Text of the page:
Under this Act, additional works made in 1923 or afterwards that were still protected by copyright in 1998 will not enter the public domain until 2019 or afterward (depending on the date of the product) unless the owner of the copyright releases them into the public domain prior to that.         

As of this week, if the significant court ruling written by Mr. Justice George King of the United States District Court in Los Angeles in his 43-page decision he gave on September 22, 2015 stands, the music and lyrics of Happy Birthday to You ” is no longer under copyright protection.  Does that mean that those TV producers and film producers don’t have to pay royalties if they include this song in the movies they produce?  Possibly if a higher court overturns Mr. Justice George King’s ruling.

The judge was hearing the case of Happy Birthday vs. the World gained traction two years ago when filmmakers including Jennifer Nelson, who was working on a documentary about the song filed a class-action lawsuit. They believed the song was already in the public domain. They objected to licensing fees. The plaintiffs argued that the song's copyright expired no later than 1921 which is more than 120 years after the melody to which the simple lyrics of Happy Birthday to You was was first published.

Here is an interesting question. Should anyone singing The Lord’s Prayer and/or Amazing Grace in a public function have to pay royalties for singing those two songs?

The Lord's Prayer’s music was written by Albert Hay Malotte in 1935. In 1947, when I was 14 years of age, I sang the Lord’s Prayer at a concert.  A great many world famous singers have also sung the Lord’s Prayer. When Pope Francis was in Philadelphia on September 26, 2015, he watched and heard the world-famous tenor, Andrea Bocelli sing that prayer while he was             accompanied by an orchestra and a choral group. Aretha Franklin also sang Amazing Grace at that same function. Did anyone have to pay royalties for the performance for the music to those to pieces?  If so, should they have had to pay royalties for singing those two iconic songs at that event?

Music and lyrics written by an American author and published in 1922 or earlier are in the Public Domain in the United States and are free to use, however, more contemporary versions are copyrighted. Amazing Grace, Jesus Loves Me. etc., had fallen into the Public Domain long ago and therefore can be used without permission or payment.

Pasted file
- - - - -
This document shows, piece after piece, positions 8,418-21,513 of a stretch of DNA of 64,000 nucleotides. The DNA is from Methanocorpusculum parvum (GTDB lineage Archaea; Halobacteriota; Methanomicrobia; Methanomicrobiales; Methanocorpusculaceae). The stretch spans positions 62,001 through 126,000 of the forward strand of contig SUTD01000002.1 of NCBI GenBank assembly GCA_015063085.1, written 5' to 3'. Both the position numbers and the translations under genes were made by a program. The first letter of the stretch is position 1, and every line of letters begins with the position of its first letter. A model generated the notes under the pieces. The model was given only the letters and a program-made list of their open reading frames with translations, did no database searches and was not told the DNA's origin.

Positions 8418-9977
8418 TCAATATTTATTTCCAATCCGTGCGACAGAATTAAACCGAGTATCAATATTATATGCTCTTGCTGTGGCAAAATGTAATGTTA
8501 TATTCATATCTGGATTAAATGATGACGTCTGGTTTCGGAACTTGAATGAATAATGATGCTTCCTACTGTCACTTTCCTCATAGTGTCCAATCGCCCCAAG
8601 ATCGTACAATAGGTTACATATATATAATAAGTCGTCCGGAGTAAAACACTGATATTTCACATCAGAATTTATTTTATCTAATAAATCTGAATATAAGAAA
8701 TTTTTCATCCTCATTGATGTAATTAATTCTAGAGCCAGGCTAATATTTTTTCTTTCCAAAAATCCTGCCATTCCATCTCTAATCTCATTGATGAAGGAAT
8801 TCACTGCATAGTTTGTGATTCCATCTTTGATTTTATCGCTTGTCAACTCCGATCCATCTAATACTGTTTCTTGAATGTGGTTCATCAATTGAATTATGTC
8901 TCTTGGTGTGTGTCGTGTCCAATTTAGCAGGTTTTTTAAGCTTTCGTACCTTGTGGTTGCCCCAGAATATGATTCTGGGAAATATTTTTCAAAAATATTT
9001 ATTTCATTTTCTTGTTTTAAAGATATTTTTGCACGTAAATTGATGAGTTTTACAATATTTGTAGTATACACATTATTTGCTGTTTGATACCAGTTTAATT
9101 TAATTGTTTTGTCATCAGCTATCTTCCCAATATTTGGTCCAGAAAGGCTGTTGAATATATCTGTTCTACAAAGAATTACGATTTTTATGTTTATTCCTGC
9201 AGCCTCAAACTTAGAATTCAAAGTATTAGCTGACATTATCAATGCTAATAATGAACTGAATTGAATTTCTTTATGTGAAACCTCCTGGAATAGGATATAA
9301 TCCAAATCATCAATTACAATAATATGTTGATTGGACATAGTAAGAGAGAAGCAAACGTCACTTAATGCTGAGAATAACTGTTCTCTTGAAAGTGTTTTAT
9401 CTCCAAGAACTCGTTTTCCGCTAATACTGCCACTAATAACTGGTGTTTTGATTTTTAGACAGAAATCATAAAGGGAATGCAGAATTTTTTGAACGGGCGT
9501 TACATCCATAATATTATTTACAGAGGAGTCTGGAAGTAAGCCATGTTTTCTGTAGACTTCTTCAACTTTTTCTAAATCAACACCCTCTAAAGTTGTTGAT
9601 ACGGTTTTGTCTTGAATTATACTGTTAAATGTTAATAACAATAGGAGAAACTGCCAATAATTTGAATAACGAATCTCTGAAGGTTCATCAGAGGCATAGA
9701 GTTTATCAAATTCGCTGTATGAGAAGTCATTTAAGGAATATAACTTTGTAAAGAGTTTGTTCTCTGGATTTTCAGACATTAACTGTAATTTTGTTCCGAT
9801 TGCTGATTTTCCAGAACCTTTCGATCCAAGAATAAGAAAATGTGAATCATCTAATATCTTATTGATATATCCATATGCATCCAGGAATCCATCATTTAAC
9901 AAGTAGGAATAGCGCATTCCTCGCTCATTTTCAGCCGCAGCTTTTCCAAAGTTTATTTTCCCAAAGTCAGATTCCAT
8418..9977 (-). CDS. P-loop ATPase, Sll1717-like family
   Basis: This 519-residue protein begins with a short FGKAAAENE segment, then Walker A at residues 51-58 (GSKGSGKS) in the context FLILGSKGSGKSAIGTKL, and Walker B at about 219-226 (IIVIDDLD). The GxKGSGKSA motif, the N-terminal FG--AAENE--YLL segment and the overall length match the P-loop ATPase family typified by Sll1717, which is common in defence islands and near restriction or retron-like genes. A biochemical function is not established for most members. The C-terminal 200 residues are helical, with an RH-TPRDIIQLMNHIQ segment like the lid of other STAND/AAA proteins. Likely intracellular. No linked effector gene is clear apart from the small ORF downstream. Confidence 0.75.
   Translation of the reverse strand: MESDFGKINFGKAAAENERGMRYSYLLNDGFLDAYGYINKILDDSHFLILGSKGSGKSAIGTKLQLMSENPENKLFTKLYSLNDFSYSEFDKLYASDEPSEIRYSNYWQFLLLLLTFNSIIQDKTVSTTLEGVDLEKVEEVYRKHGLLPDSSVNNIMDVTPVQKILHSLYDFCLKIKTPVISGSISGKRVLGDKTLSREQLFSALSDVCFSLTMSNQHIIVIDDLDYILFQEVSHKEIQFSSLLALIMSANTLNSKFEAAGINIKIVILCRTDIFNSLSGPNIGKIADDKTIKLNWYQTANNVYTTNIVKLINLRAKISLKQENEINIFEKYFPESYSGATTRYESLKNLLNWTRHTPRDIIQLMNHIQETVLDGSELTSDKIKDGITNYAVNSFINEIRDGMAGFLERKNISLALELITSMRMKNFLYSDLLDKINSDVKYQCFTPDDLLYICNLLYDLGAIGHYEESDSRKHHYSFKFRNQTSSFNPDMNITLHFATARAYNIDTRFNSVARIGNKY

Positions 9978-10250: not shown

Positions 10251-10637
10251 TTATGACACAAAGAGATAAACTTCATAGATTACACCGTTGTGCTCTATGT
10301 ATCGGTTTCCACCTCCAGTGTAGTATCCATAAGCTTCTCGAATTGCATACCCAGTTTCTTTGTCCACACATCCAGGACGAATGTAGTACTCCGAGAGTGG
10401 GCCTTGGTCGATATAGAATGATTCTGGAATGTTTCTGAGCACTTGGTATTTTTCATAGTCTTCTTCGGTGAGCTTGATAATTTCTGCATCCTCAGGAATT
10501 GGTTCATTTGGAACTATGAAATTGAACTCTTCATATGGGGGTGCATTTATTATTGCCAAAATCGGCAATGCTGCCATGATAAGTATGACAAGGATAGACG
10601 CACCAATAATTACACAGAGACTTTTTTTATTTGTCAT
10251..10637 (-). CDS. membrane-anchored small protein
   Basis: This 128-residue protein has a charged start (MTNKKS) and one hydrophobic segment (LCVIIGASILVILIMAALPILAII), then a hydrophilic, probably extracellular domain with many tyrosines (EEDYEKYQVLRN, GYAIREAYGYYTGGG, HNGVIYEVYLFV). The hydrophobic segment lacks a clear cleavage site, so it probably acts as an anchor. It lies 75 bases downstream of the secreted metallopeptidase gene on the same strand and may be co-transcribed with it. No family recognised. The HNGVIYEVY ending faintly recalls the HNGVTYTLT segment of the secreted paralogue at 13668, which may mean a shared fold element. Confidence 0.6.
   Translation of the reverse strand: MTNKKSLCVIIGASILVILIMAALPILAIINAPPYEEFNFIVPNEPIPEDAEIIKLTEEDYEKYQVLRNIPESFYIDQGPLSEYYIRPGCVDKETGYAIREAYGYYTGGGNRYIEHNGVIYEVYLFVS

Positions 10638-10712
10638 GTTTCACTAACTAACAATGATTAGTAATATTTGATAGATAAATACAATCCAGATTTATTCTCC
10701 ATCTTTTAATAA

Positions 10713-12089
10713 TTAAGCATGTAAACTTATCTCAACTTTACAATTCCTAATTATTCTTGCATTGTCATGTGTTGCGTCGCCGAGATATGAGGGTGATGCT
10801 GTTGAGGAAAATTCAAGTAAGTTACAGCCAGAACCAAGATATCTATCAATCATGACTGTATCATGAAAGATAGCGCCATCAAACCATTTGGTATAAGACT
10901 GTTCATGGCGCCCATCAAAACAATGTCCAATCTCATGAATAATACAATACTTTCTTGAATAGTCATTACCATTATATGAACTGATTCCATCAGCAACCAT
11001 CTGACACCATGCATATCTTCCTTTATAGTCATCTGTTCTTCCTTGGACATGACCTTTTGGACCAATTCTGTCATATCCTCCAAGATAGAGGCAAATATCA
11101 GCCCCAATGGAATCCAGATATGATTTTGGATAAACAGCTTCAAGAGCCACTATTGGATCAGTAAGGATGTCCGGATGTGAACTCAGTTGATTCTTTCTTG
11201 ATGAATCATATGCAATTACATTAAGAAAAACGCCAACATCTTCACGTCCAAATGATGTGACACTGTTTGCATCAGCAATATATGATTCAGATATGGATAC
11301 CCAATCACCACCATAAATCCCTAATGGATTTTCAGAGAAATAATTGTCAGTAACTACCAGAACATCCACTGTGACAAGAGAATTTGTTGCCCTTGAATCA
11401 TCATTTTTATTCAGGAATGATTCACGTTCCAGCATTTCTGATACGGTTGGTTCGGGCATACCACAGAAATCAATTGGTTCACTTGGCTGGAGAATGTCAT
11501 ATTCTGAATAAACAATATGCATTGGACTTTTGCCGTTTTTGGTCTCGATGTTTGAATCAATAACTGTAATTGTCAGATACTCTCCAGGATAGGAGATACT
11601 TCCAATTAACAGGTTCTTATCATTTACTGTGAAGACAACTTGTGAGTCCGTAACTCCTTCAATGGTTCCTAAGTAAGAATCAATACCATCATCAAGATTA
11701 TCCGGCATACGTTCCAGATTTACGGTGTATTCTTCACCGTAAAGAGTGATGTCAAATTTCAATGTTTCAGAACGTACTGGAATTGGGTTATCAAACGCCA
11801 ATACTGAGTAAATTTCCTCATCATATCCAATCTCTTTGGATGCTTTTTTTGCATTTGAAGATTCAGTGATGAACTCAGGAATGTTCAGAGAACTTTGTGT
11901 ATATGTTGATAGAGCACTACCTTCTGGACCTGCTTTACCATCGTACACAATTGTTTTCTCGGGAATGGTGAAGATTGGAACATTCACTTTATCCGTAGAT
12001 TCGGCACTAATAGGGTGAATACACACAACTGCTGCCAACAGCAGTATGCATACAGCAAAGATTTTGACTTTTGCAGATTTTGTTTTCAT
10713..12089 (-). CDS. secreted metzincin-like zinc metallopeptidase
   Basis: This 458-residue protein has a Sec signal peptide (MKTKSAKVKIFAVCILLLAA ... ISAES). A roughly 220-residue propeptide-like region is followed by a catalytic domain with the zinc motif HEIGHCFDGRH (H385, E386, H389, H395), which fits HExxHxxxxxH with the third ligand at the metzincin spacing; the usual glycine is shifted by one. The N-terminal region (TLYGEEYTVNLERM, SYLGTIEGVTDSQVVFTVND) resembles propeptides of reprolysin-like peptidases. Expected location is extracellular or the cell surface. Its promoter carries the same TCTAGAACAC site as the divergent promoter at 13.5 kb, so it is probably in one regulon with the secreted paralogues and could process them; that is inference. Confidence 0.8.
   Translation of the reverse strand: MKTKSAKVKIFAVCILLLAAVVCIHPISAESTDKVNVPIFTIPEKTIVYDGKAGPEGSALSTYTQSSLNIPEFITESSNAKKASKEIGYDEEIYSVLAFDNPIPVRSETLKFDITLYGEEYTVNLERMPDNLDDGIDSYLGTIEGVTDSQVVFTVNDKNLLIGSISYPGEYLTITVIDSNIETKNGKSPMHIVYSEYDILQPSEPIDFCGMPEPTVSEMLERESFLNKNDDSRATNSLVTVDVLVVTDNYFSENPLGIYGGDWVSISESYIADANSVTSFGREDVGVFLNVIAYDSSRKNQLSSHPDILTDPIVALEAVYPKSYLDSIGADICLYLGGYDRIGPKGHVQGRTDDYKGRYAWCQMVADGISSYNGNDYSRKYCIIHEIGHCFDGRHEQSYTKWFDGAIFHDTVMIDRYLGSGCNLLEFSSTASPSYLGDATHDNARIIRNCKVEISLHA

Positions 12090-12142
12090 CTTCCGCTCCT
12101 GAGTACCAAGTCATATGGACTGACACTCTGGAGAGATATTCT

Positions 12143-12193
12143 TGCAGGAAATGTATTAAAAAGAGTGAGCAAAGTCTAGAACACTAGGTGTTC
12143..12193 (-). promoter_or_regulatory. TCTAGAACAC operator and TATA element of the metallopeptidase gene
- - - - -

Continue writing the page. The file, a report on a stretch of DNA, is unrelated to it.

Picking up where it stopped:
In 2004, the publishers of Woody Guthrie's This Land is Your Land settled a lawsuit against the Internet animation producer Jib Jab Studios over its use of the song in a popular short feature on the presidential election. Jib Jab had claimed its use was permissible because it was a parody and Guthrie's tune was in the public domain. Nonetheless, the studio settled the case by agreeing to pay The Woody Guthrie Foundation 20 percent of the profits it earned from its parody.

The question I raise in this article is whether or not the decision of the judge of the United States District Court in Los Angeles has precedence over other American States other than California?  No, it does not however it certainly has an effect on the music and cinema industry in California.

The Warner/Chappell company will in all likelihood file an appeal to the court of appeal and if they lose that appeal, they will probably file an appeal to the Supreme Court of the United States. I can understand why they will file an appeal. This little song is a big source of income to that company. According to estimates, the song, Happy Birthday to You has generated annual revenues of $2 million for that company.   

This recent court decision is a great victory for musicians, artists, and people around the world who have waited decades for this decision. If the song remains in the public domain, then sing out loud when referring to that iconic song by paraphrasing Martin Luther King—“Free at last! Free at last!  Thank God, our song is free at last!”